From Matthew Caldwell, "The End of Public Defenders: One path to ending mass incarceration is ending our modern conception of public defense. And being transparent about our work is one way to start."

From Caits Meissner, "Finishing Sentences: Writing about the harms of the penal system from within it is a form of freedom-fighting. It is not without risks — and many rewards."

From Ariel Nelson & Stephen Raher, "Captive Consumers: How government agencies and private companies trap and profit off incarcerated people and their loved ones."

April 3, 2022 in Prisons and prisoners, Recommended reading, Who Sentences | Permalink | Comments (0)

Saturday, April 2, 2022

"The Trouble with Time Served"

The title of this post is the title of this new article recently posted to SSRN and authored by Kimberly Kessler Ferzan. Here is its abstract:

Every jurisdiction in the United States gives criminal defendants “credit” against their sentence for the time they spend detained pretrial.  In a world of mass incarceration and overcriminalization that disproportionately impacts people of color, this practice appears to be a welcome mechanism for mercy and justice.  In fact, however, crediting detainees for time served is perverse.  It harms the innocent.  A defendant who is found not guilty, or whose case is dismissed, gets nothing.  Crediting time served also allows the state to avoid internalizing the full costs of pretrial detention, thereby making overinclusive detention standards less expensive.  Finally, crediting time served links prevention with punishment, retroactively justifying punitive, substandard conditions.  The bottom line is this: Time served is not a panacea.  To the contrary, it contributes to criminal justice pathologies.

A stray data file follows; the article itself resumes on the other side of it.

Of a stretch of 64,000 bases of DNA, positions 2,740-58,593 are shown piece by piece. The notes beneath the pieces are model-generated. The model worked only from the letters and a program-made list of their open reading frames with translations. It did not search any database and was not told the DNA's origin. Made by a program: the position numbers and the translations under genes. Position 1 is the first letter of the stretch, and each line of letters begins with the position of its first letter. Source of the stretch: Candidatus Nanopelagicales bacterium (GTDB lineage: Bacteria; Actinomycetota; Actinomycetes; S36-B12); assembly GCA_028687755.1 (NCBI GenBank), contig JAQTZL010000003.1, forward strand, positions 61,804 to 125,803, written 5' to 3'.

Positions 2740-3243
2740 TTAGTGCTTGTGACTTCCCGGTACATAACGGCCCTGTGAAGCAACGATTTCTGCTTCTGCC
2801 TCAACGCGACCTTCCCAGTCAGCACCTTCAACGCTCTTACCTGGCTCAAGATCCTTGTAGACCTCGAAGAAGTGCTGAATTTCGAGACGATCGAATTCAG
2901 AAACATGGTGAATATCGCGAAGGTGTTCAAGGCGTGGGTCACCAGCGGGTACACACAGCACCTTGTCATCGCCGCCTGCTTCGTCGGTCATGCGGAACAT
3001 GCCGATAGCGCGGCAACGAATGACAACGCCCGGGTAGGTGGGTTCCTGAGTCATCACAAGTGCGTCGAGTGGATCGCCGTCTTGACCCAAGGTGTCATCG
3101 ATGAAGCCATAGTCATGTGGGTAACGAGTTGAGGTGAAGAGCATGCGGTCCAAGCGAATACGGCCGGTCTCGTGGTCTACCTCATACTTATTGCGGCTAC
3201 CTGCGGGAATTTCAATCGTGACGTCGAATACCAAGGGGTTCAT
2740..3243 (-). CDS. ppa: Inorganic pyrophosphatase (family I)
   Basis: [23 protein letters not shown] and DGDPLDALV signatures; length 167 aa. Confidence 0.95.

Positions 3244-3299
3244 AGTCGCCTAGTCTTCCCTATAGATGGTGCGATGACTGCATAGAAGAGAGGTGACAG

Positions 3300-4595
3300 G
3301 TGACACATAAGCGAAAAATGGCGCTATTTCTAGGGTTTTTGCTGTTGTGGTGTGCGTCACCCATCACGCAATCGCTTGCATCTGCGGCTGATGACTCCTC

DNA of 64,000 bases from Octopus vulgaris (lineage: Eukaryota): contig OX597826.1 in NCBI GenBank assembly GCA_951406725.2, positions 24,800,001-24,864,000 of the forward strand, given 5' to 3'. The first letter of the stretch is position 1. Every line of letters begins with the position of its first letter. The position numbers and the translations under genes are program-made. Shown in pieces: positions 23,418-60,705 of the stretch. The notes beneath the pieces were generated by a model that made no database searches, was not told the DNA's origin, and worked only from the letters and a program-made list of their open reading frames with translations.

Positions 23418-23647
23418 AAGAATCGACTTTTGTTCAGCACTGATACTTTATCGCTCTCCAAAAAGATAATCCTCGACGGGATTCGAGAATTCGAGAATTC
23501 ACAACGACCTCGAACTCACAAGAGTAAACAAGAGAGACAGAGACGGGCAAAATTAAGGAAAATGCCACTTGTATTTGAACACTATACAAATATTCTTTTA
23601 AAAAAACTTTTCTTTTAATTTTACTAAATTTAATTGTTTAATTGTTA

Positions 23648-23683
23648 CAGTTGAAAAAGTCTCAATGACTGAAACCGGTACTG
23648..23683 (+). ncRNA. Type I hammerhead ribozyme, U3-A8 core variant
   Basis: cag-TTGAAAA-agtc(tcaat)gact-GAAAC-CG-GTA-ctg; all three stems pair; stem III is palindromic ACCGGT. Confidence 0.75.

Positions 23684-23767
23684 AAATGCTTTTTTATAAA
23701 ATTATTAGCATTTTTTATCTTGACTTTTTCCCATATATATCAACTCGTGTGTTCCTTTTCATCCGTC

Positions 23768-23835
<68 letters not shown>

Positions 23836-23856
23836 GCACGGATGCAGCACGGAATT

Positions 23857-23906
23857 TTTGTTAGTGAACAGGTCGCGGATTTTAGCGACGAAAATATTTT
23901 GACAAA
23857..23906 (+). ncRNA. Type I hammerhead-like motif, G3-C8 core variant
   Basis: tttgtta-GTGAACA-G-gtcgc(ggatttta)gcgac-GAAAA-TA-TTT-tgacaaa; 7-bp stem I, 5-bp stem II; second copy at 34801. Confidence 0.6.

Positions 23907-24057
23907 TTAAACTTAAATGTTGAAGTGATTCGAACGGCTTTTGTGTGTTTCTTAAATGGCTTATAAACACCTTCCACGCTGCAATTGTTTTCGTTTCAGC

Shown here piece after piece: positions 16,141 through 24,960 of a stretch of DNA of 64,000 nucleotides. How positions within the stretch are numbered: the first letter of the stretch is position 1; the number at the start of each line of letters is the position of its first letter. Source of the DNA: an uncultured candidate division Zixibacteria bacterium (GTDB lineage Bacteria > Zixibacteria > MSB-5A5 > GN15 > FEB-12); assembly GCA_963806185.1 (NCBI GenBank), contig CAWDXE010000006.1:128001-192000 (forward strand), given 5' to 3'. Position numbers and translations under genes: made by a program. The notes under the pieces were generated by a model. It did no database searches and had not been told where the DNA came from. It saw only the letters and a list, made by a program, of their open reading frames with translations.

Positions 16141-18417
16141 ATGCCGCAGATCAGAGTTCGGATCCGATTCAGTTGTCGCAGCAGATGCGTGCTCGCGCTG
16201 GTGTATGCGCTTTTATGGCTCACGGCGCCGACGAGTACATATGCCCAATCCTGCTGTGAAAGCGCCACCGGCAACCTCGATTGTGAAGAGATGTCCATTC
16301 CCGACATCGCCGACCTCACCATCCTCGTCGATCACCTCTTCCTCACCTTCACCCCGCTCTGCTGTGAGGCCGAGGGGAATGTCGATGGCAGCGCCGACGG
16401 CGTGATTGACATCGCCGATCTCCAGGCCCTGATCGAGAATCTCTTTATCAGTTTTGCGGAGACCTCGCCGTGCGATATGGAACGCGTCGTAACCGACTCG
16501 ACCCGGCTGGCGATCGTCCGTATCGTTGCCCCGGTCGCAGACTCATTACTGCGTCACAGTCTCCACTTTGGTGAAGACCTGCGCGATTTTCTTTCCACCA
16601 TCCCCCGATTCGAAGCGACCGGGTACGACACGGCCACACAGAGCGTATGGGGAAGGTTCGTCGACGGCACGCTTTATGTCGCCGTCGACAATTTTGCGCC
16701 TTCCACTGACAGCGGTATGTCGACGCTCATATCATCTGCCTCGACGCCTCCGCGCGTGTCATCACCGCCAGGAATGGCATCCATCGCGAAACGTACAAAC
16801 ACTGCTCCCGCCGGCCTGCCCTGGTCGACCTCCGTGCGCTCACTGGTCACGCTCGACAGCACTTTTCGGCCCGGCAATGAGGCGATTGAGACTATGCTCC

This Article systematically details the rationales for pretrial detention and then analyzes when, given those rationales, credit for time served is warranted.  The analysis reveals that crediting time served is a destructive practice on egalitarian, economic, expressive, and retributive grounds.  Time served should be abandoned.  Detainees should be financially compensated instead.  Given that many detentions are premised upon a theory similar to a Fifth Amendment taking, compensation is warranted for all defendants — both the innocent and the guilty — and can lead to positive reforms.  Only by abandoning credit for time served can the link between prevention and punishment be severed, such that detention will be more limited and more humane.

April 2, 2022 in Prisons and prisoners, Procedure and Proof at Sentencing, Purposes of Punishment and Sentencing, Scope of Imprisonment | Permalink | Comments (3)

Friday, April 1, 2022

A second chance for Prez Biden to follow his proclamation about Second Chance Month with some clemency grants

In this post last year, I highlighted some language from the White House's "Proclamation on Second Chance Month, 2021" while stressing that Prez Biden has one particularly important second chance power, namely his historic constitutional clemency authority.  But, a year later, we are sadly still without a single clemency grant from Prez Biden — we had three from Prez Trump by this point in his term — and yet we do now have another White House second chance proclamation.  Here are some passages (and my added emphasis):